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» 13 Healthy Ways to Comfort Yourself - World of Psychology

» 13 Healthy Ways to Comfort Yourself  - World of Psychology | Wise Leadership | Scoop.it

Whenever you’re anxious, sad or overwhelmed or simply need some soothing, it helps to have a collection of comforting -- and healthy -- tools to turn to.

But some calming activities don’t work for everyone. 

So we asked three experts for their take on how readers can truly soothe their minds and bodies without needing more money, time or anything else, for that matter. Below are 13 strategies anyone can use to comfort themselves when they’re having a bad day.


Via Ariana Amorim, David Hain
Wise Leader™'s insight:

Great Tips. I'm sure you'll find at least one strategie that works for you.

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donhornsby's curator insight, January 9, 2013 9:11 AM

(I agree!) Great Tips. I'm sure you'll find at least one strategie that works for you.

Mercor's curator insight, January 9, 2013 11:42 AM

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Mario Maresca's curator insight, January 10, 2013 10:00 AM

Esercizi per calmarsi e rilassarsi.

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Leadership Is About to Get More Uncomfortable

Leadership Is About to Get More Uncomfortable | Wise Leadership | Scoop.it

Good leaders have always stepped out of their comfort zones, but converging global megatrends are putting more pressure on those at the top to navigate a faster, more complex, more integrated, and more transparent business world.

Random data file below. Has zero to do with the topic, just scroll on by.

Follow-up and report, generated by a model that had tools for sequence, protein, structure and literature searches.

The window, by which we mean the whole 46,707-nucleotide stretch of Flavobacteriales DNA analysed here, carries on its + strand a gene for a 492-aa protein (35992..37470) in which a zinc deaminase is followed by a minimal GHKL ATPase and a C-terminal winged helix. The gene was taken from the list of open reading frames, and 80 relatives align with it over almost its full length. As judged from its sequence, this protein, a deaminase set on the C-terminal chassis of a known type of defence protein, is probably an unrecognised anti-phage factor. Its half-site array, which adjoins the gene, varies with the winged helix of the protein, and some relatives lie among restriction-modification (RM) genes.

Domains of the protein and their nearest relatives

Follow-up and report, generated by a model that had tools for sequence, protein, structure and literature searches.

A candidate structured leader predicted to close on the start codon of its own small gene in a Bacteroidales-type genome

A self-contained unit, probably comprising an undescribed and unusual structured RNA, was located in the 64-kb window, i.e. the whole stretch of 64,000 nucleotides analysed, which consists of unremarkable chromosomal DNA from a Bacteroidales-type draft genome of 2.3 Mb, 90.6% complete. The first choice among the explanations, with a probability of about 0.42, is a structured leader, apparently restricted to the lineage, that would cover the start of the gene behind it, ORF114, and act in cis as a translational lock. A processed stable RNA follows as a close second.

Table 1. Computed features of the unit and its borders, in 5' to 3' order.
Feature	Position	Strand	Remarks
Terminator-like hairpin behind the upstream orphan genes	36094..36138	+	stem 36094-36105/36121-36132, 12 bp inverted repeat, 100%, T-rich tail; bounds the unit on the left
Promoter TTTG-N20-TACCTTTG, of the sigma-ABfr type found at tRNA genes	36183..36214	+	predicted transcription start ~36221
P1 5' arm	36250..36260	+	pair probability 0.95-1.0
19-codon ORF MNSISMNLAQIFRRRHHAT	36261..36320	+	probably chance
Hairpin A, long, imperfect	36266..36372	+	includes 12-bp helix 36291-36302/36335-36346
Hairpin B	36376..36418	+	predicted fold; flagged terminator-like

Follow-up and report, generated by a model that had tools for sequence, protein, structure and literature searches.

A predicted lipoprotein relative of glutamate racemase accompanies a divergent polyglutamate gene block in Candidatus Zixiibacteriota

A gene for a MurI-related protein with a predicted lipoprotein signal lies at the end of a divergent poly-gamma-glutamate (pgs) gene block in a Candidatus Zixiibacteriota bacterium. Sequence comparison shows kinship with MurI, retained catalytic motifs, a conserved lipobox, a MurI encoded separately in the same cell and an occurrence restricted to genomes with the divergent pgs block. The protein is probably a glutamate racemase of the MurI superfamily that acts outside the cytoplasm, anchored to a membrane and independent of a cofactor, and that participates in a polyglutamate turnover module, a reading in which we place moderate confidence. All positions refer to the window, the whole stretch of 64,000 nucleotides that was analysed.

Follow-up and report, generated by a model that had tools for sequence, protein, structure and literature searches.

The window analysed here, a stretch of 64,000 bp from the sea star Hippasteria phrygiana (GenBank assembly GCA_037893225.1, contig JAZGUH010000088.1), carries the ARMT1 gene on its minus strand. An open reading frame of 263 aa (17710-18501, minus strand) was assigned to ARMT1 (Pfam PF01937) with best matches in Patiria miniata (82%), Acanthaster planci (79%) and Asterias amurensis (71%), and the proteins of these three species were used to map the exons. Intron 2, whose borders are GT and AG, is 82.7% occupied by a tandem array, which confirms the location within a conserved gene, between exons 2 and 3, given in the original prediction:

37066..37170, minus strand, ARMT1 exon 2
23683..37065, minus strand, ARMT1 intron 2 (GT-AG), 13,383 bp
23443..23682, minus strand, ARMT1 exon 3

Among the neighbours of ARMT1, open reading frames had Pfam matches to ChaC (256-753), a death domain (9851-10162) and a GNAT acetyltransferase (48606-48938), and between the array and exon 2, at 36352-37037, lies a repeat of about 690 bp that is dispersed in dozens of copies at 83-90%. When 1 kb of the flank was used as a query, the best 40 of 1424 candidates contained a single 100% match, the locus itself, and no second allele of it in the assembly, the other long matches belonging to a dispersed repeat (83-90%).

Via Kenneth Mikkelsen
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Kenneth Mikkelsen's curator insight, July 21, 6:47 AM

Transparency and complexity make the boss's chair increasingly painful to sit in.


Read also this article from The Economic Times in India:


More than half of Chief Executive Officers would have a senior 'digital' leader role among them by the end of 2015, Gartner's 2014 CEO and Senior Executive Survey report said.


Miklos Szilagyi's curator insight, July 21, 3:38 PM

Yeah... Leadership 2030...:-))) if one  found out Leadership 2014, there would be a great sigh...:-)))

Lisa McCarthy's curator insight, Today, 6:24 AM

All leaders will see life become more chaotic and overwhelming, and their struggles and management will be more visible than ever. Egocentric leaders will have a difficult time evolving, if they even can, and will be unable to thrive in such discomfort. Organizations need to develop leaders who are motivated by altrocentric leadership. They will be better prepared to succeed in 2030 and beyond.

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How to get motivated, according to science

How to get motivated, according to science | Wise Leadership | Scoop.it